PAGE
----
News National Malcolm Turnbull hits back at Tony Abbott over attack on Coalition

Malcolm Turnbull hits back at Tony Abbott over attack on Coalition

Tony Abbott tells Conservatives to stick with Coalition
Tony Abott has publicly criticised Turnbull government policies. Photo: AAP
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Malcolm Turnbull and key Coalition figures have slammed Tony Abbott’s “sad” attack on the government amid speculation the former Liberal leader is plotting a return to the top job.

Mr Abbott said Australian conservatives see the Coalition as “Labor lite”, and its base will desert it for One Nation unless it shifts further to the right.

Speaking on Sky News on Thursday night, Mr Abbott called for a halt to all new spending, cutting immigration, ending renewable energy subsidies, scrapping the Human Rights Commission and reforming the Senate.

Mr Turnbull hit back on Friday saying that he at least had “had the courage not just to give speeches, but to act”, in a clear swipe at Mr Abbott’s time in the top job.

“The fact is my government has a record of achievement. In the last six months or so since the election, we have achieved more with fewer seats in the Senate, in the House, than in the previous three years,” Mr Turnbull said at a press conference on Friday.

“We are acting and we’re getting things done. We’re getting things done that we couldn’t or wouldn’t or didn’t get done in the last Parliament,”

He later told 3AW radio: “He knows exactly what he’s doing. I’m not going to go into what private conversations I have with him.”

Mr Turnbull also described Mr Abbott’s comments as “sad” and referred to it not as a speech or statement, but an “outburst”.

He also praised the comments made by Coalition frontbencher Mathias Cormann, who told Sky News he was saddened by Mr Abbott’s “self-indulgent” comments.

Senator Cormann, a former Abbott supporter, condemned the former PM’s comments, saying he “can’t see any scenario” in which he would return to the leadership.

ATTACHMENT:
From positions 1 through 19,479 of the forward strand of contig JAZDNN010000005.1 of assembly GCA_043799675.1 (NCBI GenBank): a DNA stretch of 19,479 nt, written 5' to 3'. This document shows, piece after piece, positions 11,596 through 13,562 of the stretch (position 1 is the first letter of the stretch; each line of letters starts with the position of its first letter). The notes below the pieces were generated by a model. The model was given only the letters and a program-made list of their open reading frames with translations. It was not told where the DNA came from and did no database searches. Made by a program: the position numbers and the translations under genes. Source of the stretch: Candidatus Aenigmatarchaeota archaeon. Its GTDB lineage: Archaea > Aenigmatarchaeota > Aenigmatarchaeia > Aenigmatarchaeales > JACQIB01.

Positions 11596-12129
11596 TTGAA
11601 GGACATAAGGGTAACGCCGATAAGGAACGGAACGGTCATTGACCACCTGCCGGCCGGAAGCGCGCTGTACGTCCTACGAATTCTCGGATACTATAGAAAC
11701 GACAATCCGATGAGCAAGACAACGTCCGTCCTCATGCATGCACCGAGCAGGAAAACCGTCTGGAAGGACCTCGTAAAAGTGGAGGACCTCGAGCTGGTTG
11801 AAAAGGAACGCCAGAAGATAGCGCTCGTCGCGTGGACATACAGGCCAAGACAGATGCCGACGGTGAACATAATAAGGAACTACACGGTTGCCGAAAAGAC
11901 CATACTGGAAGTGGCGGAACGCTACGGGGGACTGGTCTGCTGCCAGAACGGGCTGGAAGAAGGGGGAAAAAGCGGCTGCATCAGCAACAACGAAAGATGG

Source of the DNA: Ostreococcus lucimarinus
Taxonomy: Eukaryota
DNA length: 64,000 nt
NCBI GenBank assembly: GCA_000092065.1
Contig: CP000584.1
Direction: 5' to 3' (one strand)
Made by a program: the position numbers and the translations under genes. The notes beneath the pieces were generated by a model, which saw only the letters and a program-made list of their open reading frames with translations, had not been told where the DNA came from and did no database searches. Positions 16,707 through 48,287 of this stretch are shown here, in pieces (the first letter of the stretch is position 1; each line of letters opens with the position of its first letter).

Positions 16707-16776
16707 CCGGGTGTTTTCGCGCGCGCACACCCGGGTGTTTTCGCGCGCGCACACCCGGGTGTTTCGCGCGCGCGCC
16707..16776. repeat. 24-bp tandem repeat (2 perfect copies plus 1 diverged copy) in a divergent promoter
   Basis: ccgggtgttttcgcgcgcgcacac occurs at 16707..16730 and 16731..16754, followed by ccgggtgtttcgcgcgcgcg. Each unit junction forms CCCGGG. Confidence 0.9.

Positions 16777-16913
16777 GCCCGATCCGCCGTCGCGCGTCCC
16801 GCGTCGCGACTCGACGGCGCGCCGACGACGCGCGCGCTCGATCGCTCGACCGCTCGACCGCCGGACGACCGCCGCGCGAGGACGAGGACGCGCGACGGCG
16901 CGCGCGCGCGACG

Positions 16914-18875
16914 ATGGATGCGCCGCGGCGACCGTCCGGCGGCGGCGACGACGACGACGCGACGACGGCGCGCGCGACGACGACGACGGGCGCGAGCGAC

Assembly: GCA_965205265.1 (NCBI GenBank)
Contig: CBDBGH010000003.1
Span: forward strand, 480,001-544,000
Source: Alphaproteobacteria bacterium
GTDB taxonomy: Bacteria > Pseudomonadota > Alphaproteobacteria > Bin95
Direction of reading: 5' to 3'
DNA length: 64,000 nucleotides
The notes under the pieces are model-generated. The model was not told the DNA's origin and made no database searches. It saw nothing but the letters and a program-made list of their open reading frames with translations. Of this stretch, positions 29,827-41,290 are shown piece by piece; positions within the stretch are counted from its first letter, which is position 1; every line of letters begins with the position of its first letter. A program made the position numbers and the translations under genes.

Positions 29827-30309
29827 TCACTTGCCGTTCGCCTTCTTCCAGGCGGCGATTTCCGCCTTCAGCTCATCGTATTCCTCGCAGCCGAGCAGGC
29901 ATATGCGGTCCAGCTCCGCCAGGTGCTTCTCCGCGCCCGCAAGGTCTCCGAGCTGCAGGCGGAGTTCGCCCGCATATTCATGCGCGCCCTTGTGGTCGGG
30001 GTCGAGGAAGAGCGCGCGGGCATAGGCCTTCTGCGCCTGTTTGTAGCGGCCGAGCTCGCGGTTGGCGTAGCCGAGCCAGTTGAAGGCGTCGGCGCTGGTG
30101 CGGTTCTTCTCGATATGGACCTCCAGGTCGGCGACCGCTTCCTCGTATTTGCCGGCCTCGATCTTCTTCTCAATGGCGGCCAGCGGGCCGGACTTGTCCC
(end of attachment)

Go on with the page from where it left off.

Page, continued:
“He’s not helping our cause, he’s not helping our country, he’s not helping himself,” Senator Cormann said.

“Much of what he says is either wrong or inconsistent with what he did when he was prime minister.

“The party room doesn’t share Tony’s views, the party room is strongly united behind the leadership of Malcolm Turnbull.”

Mr Abbott defended his comments on Channel Nine.

“I’m not in the business of taking pot shots at my colleagues,” he said.

“My duty now is to keep us on the right track.”

‘Focusing on bread and butter issues’

Defence Industry Minister Christopher Pyne laid into his former leader.

Speaking on Sky News, Mr Pyne said politicians often get inconsistent, ill informed advice.

“He says that we should freeze immigration, yet when he was the prime minister he had record levels of immigration,” he said.

“He says we should cut taxes and yet when he was the prime minster he increased taxes …

“He says we should slash spending and yet when he was prime minister in 2014 he attempted to slash spending and all he did was create zombie bills that couldn’t pass through the Senate.

“When you’re throwing stones, it’s important to not stand in a glass house and that seems to be what Tony Abbott has done.”

Sky News has reported that Mr Abbott told Liberal defector Cory Bernardi last year that he hoped to return to Liberal leadership, but would not force a leadership spill for Malcolm Turnbull’s job.

Mr Abbott’s repeated criticism of the Coalition is at odds with his affirmation when he was ousted in 2015.

“My pledge today is to make this change as easy as I can,” Mr Abbott said at the time.

“There will be no wrecking, no undermining, and no sniping. I’ve never leaked or backgrounded against anyone. And I certainly won’t start now.”

On Thursday night, Mr Abbott said the government needed to find policies that were “philosophically acceptable, economically responsible and politically saleable” to conservatives.

“Why not say to the people of Australia: ‘we’ll cut the [Renewable Energy Target], to help with your power bills; we’ll cut immigration, to make housing more affordable; we’ll scrap the Human Rights Commission, to stop official bullying; we’ll stop all new spending, to end ripping off our grandkids; and we’ll reform the Senate to have government, not gridlock’,” he said.

Malcolm Turnbull's Point Piper Mansion
Malcolm Turnbull has elected to live in his Pt Piper mansion rather than Kirribilli House. Photo: AAP

Mr Abbott also criticised Mr Turnbull for choosing to live in his waterfront mansion rather than the official prime ministerial residence, suggesting he was being a “burden on the taxpayer” by not downsizing to Kirribilli House.

“The advice I got back in early 2014 was that if I stayed at Forrestville it would cost an extra million a year in security,” he said.

“I thought then I was really obliged to live in the house that the taxpayer provides for the Prime Minister.”

Mr Abbott said it would be a “better look” for both the Prime Minister and the Government if Mr Turnbull moved to Kirribilli House.

– with AAP, ABC